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The Honolulu Advertiser

Posted on: Wednesday, December 8, 2004

Santa's secrets of longevity

By Korky Vann
Gannett News Service

He's a senior citizen untouched by the typical effects of aging. His health is stable, his income covers his practice of showering lavish gifts on everyone he knows, his social calendar is packed with holiday merrymaking, and his appearance remains unchanged without the aid of Botox or cosmetic surgery.

The secret to Santa's longevity can benefit everyone looking to live productive lives well into the golden years.

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Dr. Sarah Speck, a cardiologist, conducts Santa's pre-flight physical in Seattle. The jolly fellow has been advised to drop a few pounds.

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Meet jolly "old" St. Nick, a spry gentleman of indeterminate age who's managed to stay lively and quick for hundreds of years in spite of his weakness for too many cookies and sugar plums.

Dr. John Hutchins, director of the University of Mississippi's Santa Institute, says the secret to Santa's longevity can benefit everyone looking to live productive lives well into the golden years.

The Santa Institute, staffed by Hutchins, a professor of anatomy, and other faculty members at the University of Mississippi Medical Center, strives to "study" many of the mysteries that have baffled children and adults for generations.

"Santa could stand to lose a few pounds, or he could be at risk for Type 2 diabetes, and he should immediately stop smoking that pipe," says Hutchins, 46, who created the Institute in 1996. "On the other hand, he's got rewarding work he loves to do; he lives a simple life in the North Pole, which is a very quiet area, so his stress level is low, at least most of the year; and he has a very positive attitude. We could all learn a lot from Santa."

Which is just what Hutchins and his panel of experts try to do. Along with Hutchins, the Santa Institute faculty includes Dr. Rebecca Waterer, an associate professor of medicine, who studies Santa's eating habits; Dr. David Dzielak, associate vice chancellor for research, who studies Santa's brain activities; and Dr. Andrew Grandy, director of laboratory animal facilities, who researches whether reindeer really know how to fly.

The group considers questions submitted by the public and presents its findings at an annual Santa Institute news conference.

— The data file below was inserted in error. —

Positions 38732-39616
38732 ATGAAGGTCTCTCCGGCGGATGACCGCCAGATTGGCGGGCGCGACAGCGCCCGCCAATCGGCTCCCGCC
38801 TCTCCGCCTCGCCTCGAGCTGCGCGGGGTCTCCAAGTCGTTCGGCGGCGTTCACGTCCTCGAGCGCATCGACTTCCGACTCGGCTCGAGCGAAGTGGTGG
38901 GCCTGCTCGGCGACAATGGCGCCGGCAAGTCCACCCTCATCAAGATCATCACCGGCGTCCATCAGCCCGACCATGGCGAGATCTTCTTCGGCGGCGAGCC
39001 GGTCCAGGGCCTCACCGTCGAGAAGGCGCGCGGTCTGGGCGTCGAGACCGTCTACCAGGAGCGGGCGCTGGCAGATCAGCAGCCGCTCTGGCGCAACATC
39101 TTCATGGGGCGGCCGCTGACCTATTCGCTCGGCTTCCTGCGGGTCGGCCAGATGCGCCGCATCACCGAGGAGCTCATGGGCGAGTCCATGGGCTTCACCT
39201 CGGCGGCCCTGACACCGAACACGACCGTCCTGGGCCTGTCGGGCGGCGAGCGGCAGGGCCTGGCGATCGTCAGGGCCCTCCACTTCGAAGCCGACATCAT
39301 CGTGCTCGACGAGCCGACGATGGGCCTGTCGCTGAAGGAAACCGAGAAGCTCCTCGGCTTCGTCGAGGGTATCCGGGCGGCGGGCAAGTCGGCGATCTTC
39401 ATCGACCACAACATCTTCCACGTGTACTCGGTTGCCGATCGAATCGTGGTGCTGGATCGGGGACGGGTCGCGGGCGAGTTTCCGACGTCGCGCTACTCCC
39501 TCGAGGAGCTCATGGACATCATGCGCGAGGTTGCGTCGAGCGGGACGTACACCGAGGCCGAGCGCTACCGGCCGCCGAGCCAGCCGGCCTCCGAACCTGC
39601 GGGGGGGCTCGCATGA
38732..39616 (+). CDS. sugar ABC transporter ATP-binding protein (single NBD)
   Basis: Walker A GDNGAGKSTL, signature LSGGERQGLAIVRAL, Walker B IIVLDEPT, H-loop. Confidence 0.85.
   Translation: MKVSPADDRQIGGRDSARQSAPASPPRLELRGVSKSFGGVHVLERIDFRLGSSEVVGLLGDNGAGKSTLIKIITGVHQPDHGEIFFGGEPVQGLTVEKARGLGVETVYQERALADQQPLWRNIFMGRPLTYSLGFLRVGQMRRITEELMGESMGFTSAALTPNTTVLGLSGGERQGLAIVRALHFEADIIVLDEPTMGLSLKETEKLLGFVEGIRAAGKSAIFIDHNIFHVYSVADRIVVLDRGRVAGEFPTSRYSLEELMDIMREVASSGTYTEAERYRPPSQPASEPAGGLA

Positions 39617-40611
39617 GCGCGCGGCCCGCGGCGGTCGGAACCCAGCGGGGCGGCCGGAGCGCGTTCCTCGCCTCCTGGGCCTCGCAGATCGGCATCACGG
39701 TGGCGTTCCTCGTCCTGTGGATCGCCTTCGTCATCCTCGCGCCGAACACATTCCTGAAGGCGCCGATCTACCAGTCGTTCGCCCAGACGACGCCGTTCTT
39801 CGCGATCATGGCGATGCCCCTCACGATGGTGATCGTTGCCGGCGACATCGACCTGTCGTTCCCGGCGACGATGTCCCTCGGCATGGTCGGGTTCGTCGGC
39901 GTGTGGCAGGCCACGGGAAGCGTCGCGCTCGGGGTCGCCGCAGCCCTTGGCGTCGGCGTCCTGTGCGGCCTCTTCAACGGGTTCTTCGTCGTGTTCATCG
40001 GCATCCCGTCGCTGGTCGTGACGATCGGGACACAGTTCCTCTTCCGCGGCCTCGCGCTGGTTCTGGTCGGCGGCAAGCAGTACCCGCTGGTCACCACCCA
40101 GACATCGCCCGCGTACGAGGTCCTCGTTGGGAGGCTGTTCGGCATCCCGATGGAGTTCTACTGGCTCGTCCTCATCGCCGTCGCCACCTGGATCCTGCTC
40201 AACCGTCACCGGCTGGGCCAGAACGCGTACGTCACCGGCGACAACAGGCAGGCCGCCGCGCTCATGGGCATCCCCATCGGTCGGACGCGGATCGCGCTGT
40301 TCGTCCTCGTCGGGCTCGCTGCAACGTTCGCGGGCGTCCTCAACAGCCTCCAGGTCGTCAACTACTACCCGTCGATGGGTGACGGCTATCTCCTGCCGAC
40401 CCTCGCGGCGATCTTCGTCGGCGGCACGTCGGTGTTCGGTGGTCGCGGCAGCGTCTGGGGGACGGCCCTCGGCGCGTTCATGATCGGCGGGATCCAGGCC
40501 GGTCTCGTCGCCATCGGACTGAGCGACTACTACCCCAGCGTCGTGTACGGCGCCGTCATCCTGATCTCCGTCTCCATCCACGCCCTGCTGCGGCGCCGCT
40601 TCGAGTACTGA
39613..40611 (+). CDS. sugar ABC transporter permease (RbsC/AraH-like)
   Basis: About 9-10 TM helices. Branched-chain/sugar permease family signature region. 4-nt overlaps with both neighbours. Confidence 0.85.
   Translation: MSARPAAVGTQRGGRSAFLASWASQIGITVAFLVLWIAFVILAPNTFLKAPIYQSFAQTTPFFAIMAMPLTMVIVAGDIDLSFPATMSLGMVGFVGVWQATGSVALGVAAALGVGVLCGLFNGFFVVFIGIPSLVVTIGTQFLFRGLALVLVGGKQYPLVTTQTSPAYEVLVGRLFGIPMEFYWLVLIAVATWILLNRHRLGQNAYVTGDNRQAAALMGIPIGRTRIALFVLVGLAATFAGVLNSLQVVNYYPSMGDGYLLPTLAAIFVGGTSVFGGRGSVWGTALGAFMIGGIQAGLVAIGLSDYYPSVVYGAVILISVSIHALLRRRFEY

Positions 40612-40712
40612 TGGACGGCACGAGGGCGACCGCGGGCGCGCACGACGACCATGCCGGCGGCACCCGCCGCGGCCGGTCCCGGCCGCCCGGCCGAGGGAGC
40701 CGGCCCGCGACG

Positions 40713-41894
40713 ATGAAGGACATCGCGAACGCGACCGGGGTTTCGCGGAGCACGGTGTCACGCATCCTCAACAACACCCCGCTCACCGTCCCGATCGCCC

Although the institute and its research are whimsical, Hutchins says Santa's success is based on good science. Take all those reindeer, for example. Research shows that if you want to stay active and feel better longer, head for the closest pet shop or animal shelter.

Lives in a quiet, low-stress area and enjoys his work.

Having a supportive wife and stable home life helps.

Reading glasses cut down on eyestrain and headaches.

Caring for pets like Rudolph the reindeer eases loneliness.
Pet ownership has a statistical significant effect on the physical health of older people, according to a team of Canadian researchers. And studies published in the Journal of the American Geriatric Society showed that caring for Rover or Fluffy — or Donder or Blitzen — cuts down on loneliness and acts as a buffer against isolation.

And don't overlook Santa's marriage of many years to Mrs. Claus, says Hutchins. Studies show that married people have lower incidences of many diseases and ailments than people who have never married or who are widowed or divorced. Those with a supportive partner also, on average, recover more quickly from serious illness, according to a Duke University study.

"Mrs. Claus seems to be very supportive of Santa's activities and puts up with having a busy workshop next door," says Hutchins. "I suspect she's a nurturer and occasional caregiver when Santa overdoes."

Although Santa is showing a few age-related conditions, experts say he's handling them in a responsible way. He's most certainly developed presbyopia, the inability to focus on objects close up. His reading glasses help cut down on eyestrain, headaches, eye fatigue and blurred vision.

But his mind, says Hutchins, seems as sharp as ever.

"We haven't seen any real cognitive decline, but by the way we see him making lists and checking them twice, we assume he may be experiencing benign, age-related memory impairment, or forgetfulness," says Hutchins. "In his work, remembering names is important, so the lists are a good tool."

Santa eventually will have to deal with some of the true challenges of aging, such as when to hang up the keys to the sled. Luckily for him, age alone is not the best indicator of driving skill, according to the International Association of Driving Rehabilitation. As long as Santa maintains his visual perception, range of motion, balance and coordination, takes driver refresher courses and adapts other safe driving techniques, he should be able to safely stay behind the reins. Of course, if he experiences vision changes, any conditions that affect or limit his mobility or begins taking medications, he should have a comprehensive assessment of his driving abilities. Until then, he should be able to continue on his appointed rounds each Dec. 24.

To help Santa stay healthy, Hutchins suggests households limit the number of holiday goodies left for Santa and consider healthy alternatives, such as raisins or carrots.

"Santa is a great example of positive aging," says Hutchins. "We need to do all we can to help him stay healthy, so we can keep him around forever."